The flap was repositioned, and primary closure was obtained with a 4-0 polyglactin 910 interrupted suture (Vicryl Rapide). The final periapical radiograph confirmed that the implant and bone graft material were restricted below the sinus membrane (Figure 14). Patients were placed on amoxicillin/clavulanate potassium 875/125 mg, twice a day for 1 week, and ibuprofen 600 mg as needed. Suture removal and postoperative evaluation were performed after 14 days. Healing time for the implants was 3 months. Prosthetic rehabilitation was started 3 weeks after implant exposure (Figure 15 and Figure 16).


A total of 37 implants in 34 patients were placed (Table 1). (Please visit to view Table 1.) Of the 37 implants, 15 osteotome lifts were completed with anorganic bovine bone xenograft, and 22 osteotome lifts were completed with solvent-dehydrated cancellous bone allograft. The overall mean RVBH before surgery was 7.52 mm, and mean PGBH after surgery was 11.44 mm. The mean change in bone height was 3.92 mm. For the anorganic bovine bone xenograft group, the mean RVBH, mean PGBH, and mean change in bone height were 7.85 mm, 11.52 mm, and 3.67 mm, respectively. For the solvent-dehydrated cancellous bone allograft group, the mean RVBH, mean PGBH, and mean change in bone height were 7.30 mm, 11.39 mm, and 4.09 mm, respectively.

No sinus perforations were observed during the surgeries or the postoperative healing period. No significant postoperative complications, such as infections or vertigo, were detected or reported. Patients experienced minimal postoperative discomfort. No statistical analysis was performed for this case series.


The surgical technique described in this case series utilizes motorized expander burs in a highly controlled, serial fashion to spread the ridge buccolingually; compact the bone comprising the walls of the osteotomy, potentially enhancing primary stability; infracture and push apically the maxillary sinus border; and insert bone graft under the sinus membrane. The #2, #3, and #4 expanders have rounded tips that, when used under the low rotational speeds recommended, render major sinus perforation unlikely. Notably, substituting slow, motor-powered drilling for hand malleting avoids potential vertigo, neck hyperextension, and disquieting noise/motions. According to a recent systematic review, patients prefer the kind of rotary instrumentation employed in this case series over the conventional manual alternative (mallet).14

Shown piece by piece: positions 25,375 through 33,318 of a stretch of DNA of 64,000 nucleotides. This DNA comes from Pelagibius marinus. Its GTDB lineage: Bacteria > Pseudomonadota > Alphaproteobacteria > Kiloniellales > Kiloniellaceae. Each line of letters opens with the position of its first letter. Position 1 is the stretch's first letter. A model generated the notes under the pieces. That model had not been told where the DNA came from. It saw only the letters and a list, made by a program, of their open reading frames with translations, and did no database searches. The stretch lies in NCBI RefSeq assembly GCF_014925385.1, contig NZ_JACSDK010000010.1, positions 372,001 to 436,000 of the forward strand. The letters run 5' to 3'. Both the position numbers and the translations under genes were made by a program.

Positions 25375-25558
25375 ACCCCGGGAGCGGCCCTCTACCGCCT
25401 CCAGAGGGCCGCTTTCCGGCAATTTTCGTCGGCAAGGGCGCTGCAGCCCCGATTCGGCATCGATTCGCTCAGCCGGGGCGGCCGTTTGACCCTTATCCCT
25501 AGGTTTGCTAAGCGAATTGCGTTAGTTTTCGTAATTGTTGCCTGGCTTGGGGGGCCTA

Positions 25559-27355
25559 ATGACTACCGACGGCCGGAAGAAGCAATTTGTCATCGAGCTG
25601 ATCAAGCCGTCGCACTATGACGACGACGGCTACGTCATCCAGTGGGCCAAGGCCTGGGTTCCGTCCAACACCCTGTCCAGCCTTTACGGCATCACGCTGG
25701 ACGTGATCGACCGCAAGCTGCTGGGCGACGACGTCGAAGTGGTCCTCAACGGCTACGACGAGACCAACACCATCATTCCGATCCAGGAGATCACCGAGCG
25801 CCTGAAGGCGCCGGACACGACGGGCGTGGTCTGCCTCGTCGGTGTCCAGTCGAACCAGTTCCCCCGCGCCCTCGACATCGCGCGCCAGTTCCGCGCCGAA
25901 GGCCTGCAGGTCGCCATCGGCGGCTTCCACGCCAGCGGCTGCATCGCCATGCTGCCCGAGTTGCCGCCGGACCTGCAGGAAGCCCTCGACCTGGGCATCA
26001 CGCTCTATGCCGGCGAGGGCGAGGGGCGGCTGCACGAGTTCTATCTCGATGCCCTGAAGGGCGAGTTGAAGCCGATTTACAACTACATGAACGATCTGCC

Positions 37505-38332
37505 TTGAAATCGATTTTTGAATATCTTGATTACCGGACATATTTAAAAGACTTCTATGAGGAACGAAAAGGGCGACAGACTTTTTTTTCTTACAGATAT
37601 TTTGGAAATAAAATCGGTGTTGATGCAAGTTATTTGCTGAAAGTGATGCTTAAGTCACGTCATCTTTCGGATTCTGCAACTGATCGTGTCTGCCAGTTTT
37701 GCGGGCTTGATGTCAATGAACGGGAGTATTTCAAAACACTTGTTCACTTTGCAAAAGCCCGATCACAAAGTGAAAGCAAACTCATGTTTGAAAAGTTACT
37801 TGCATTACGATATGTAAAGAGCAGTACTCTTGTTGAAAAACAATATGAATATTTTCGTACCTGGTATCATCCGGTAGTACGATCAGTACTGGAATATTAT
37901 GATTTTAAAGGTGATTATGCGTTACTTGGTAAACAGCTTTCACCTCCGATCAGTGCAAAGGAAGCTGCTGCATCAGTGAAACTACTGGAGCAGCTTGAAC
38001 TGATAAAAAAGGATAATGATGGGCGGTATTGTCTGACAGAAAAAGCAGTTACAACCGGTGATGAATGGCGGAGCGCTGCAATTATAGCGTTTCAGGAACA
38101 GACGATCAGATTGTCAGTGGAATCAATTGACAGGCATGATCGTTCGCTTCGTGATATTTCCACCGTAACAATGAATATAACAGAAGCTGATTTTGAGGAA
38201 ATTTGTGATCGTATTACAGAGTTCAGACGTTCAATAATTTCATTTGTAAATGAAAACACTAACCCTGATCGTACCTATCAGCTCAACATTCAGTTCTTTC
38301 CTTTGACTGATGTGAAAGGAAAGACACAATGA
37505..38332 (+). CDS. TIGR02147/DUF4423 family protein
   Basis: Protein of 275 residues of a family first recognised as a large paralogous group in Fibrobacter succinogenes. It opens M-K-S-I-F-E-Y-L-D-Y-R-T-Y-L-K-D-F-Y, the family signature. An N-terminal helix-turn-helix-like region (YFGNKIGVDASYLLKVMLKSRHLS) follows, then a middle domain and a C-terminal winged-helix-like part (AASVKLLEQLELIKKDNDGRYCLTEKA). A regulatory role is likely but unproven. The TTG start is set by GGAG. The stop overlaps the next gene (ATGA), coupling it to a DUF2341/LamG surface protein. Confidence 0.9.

The results of this study showed that this technique increased the residual vertical bone height by an average of 3.92 mm, with a maximum height increase of 7 mm. There was no significant clinical difference observed in terms of vertical bone height gain between the allograft and xenograft groups in the short term. As with any surgical therapy, case selection is critical. For ideal outcomes, eligible patients should be relatively healthy nonsmokers with a minimum of 7 mm residual vertical bone height apical to the sinus border. At least 2 mm of buccal and 2 mm of palatal bone beyond the anticipated implant diameter is preferred to maintain esthetic and mechanical stability. If plate fracture, such as a greenstick-type break, or minor dehiscence/fenestration occurs within the envelope of bone, simultaneous guided bone regeneration must be performed.


Although the follow-up time in this study is too short to draw any conclusions about long-term implant success, the motorized expansion drill technique does appear to be a relatively atraumatic, structured, and reliable approach to enhance posterior maxillary bone in three aspects (height, buccolingual dimension, density) for implant placement. Long-term follow-up data post-restoration and -function is needed to determine the stability of the bone graft materials and implants.


The authors had no disclosures to report.

About the Authors

Michael K. Sonick, DMD
Private Practice, Fairfield, Connecticut

Debby Hwang, DMD
Private Practice, Ann Arbor, Michigan

Rui Ma, DMD
Private Practice, Fairfield, Connecticut